Peasant clothing in the Medieval period varied but always included a tunic and some type of covering for the head, which depended on the peasant's occupation. Men also wore loincloths as underwear, and both sexes wore hose, simple shoes and a cape or coat during cold or rainy weather. Common accessory garments included belts, which were generally tied rather than buckled, and aprons for messy work.
The clothing of male and female peasants varied, in part because of the differences in tasks they generally performed. While both sexes wore aprons when necessary, women's work tended to be messier, so they wore theirs almost constantly. A head covering was always included, with men wearing straw hats, coifs, kerchiefs or caps. Women typically wore veils, sometimes along with a wimple to cover the neck. Both sexes often wore hoods.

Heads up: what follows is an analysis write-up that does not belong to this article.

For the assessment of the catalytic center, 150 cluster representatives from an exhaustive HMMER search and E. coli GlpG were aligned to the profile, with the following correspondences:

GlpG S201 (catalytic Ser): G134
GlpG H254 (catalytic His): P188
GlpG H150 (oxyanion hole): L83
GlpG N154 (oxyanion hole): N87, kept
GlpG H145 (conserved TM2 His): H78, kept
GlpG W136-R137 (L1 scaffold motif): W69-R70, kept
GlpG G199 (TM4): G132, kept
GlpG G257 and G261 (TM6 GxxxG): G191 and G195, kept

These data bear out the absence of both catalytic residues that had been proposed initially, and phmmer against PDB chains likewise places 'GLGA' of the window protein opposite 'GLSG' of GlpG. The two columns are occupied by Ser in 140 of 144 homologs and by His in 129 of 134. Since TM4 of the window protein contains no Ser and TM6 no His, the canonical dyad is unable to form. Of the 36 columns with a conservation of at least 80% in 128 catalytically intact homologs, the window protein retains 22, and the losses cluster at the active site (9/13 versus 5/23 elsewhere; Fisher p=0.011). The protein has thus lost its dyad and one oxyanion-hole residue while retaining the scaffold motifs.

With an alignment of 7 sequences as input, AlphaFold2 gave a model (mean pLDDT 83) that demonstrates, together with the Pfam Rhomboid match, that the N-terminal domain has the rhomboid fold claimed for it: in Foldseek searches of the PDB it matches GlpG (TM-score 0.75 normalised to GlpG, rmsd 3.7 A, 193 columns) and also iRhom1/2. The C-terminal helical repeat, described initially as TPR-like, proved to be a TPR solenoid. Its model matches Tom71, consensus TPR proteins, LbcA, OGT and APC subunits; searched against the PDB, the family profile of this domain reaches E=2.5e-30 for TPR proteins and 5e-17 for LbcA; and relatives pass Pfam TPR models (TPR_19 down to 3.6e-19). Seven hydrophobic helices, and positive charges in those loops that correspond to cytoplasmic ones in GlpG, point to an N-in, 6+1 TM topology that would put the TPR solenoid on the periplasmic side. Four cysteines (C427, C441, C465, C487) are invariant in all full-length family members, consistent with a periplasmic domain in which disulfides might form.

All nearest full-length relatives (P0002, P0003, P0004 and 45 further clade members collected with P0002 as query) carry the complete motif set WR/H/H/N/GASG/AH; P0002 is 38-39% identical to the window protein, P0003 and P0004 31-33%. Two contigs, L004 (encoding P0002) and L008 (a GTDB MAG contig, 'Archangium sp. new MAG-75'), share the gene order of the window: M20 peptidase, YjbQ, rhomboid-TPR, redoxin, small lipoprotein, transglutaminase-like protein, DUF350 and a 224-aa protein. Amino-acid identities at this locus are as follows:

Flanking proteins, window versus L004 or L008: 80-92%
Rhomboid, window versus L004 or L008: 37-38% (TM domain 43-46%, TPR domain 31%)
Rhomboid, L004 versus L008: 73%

Women's tunics were typically longer than men's, but this was still the most common garment for both sexes throughout the Medieval period. A tunic is a simple rectangle of cloth, folded in half and sewed along the sides, with a hole cut in the middle for the head. Sleeves were added when necessary. In later parts of the period, a slip was usually added as an undergarment.